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5 stars This is a killer follow up album to their debut, Transcendental. While I prefer their first album more, this one is still great. It took several listens for me to fully appreciate it because there is a lot here to enjoy. Very prog-metal sound. They have songs that are all over the place but they are all generally heavy. I f you like technical prog-metal, I highly recommend this group. One of my favorite discoveries!
Report this review (#167971)
Posted Friday, April 18, 2008 | Review Permalink
4 stars A fine female-fronted prog-metal album from this British-Hungarian band. Tom MacLean's guitar work shines throughout the whole album, alongside Julie Kiss excellent vocal style. Mature compositions and intricate, complex and surprising arrangement make this an appealing album. I've listened to this one about 40 times, and I still find new stuff all the time. Track development is almost always unexpected, and the music leads the listener in untraveled paths again and again. It's clear that the jazz influences from MacLean and Hen (keyboards) have contributed to the end product, which is still free-minded, genre-hopping and therefore so interesting.

The album opener, The lie is a stunning display of style and arrangement. The two closers, Fallen from Grace and Temptation are also very well written and executed. I know that MacLean is a SIKTH fan, but his melodic playing and contributions are much more digestible and dynamic when compared to the angry, loud stuff that SIKTH is making.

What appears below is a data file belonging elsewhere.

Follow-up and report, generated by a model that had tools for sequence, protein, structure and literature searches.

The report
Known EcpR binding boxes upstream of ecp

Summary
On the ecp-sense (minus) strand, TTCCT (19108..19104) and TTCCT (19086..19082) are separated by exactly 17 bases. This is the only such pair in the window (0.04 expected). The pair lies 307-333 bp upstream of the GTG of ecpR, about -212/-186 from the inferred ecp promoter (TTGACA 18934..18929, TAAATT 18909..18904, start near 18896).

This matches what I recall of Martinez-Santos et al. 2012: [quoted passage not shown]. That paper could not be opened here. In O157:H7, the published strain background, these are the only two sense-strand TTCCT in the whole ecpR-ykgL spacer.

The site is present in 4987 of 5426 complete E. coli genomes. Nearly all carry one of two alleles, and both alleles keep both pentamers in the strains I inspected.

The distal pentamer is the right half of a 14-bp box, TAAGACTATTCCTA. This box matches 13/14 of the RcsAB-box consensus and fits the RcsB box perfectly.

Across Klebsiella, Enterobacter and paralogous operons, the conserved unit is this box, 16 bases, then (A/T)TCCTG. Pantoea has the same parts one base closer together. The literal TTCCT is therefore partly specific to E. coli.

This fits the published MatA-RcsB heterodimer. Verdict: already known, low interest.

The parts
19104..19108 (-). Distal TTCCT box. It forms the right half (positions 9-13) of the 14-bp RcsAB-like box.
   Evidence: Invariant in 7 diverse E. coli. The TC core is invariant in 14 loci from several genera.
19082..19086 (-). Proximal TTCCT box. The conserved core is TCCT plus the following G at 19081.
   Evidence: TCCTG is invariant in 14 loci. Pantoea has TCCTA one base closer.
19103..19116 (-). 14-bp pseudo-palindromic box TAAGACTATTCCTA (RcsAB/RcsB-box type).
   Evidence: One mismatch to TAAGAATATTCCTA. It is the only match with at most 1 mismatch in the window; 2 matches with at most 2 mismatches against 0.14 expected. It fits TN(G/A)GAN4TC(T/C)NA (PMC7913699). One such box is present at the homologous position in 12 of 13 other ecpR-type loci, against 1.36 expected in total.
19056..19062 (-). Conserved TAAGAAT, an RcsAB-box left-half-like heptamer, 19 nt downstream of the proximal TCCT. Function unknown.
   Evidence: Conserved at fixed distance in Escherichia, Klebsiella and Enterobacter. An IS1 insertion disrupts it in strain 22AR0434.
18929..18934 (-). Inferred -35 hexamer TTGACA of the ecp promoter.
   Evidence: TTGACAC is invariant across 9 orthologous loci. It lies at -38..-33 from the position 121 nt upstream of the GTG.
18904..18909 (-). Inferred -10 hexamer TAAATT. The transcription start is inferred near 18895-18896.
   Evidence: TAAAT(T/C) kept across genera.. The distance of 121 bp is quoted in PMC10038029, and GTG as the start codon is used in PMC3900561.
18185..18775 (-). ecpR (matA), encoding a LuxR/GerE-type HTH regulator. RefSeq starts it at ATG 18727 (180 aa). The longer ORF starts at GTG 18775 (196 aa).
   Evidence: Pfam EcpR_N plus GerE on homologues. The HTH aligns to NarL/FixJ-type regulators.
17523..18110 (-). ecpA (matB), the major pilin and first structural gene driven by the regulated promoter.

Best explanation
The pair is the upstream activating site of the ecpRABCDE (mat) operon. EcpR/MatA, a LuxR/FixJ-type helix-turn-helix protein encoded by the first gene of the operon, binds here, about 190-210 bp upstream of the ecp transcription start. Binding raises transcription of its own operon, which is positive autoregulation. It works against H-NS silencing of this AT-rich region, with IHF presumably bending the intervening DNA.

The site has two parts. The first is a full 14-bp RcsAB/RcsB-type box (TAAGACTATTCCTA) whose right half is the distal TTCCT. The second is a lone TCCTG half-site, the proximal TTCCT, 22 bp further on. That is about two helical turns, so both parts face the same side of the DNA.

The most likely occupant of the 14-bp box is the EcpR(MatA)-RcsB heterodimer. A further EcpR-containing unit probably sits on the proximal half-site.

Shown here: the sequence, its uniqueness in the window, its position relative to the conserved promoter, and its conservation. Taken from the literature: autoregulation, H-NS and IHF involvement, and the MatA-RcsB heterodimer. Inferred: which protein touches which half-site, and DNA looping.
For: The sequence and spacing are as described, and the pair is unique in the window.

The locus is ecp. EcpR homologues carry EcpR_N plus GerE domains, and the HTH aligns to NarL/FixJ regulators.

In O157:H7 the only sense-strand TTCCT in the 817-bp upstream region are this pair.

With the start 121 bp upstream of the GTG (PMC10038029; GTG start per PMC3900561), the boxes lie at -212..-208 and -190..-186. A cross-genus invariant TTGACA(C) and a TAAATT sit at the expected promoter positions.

The only weak spot are Kiss's lyrics, which are a bit too obscure. Other than that, this is a fine addition to prog-metal fans willing to handle a delicate singer, smart progressive guitars and a few jazzy influences spread out on the table. When compared to their debut Transcendental (2006), it's exactly on the same level.

Report this review (#194368)
Posted Friday, December 19, 2008 | Review Permalink
5 stars I must say that I was apprehensive about rating this album because I did not want to offer any opinions without fully grasping the overall feel of the album. After owning and listening to this album for several months, I can say with confidence that to-mera has produced an amazing album. I love the rhythmic instrumentals and lush soundscape created by the band. The composition can be technical and powerful at times, with interludes of really chilled jazzy sections. Some bands have problems transitioning time signatures and BPM, but this album seems to flow very nicely. I wasn't too keen on Julie's vocals in the first album. They seemed a little out of place and borderline annoying. I feel the vocals in this album complement the music much nicer and the delivery doesn't sound forced. Overall, this album has everything to be desired in a progressive album (at least for me anyway), and I highly recommend it, especially if you liked the first one.
Report this review (#205319)
Posted Wednesday, March 4, 2009 | Review Permalink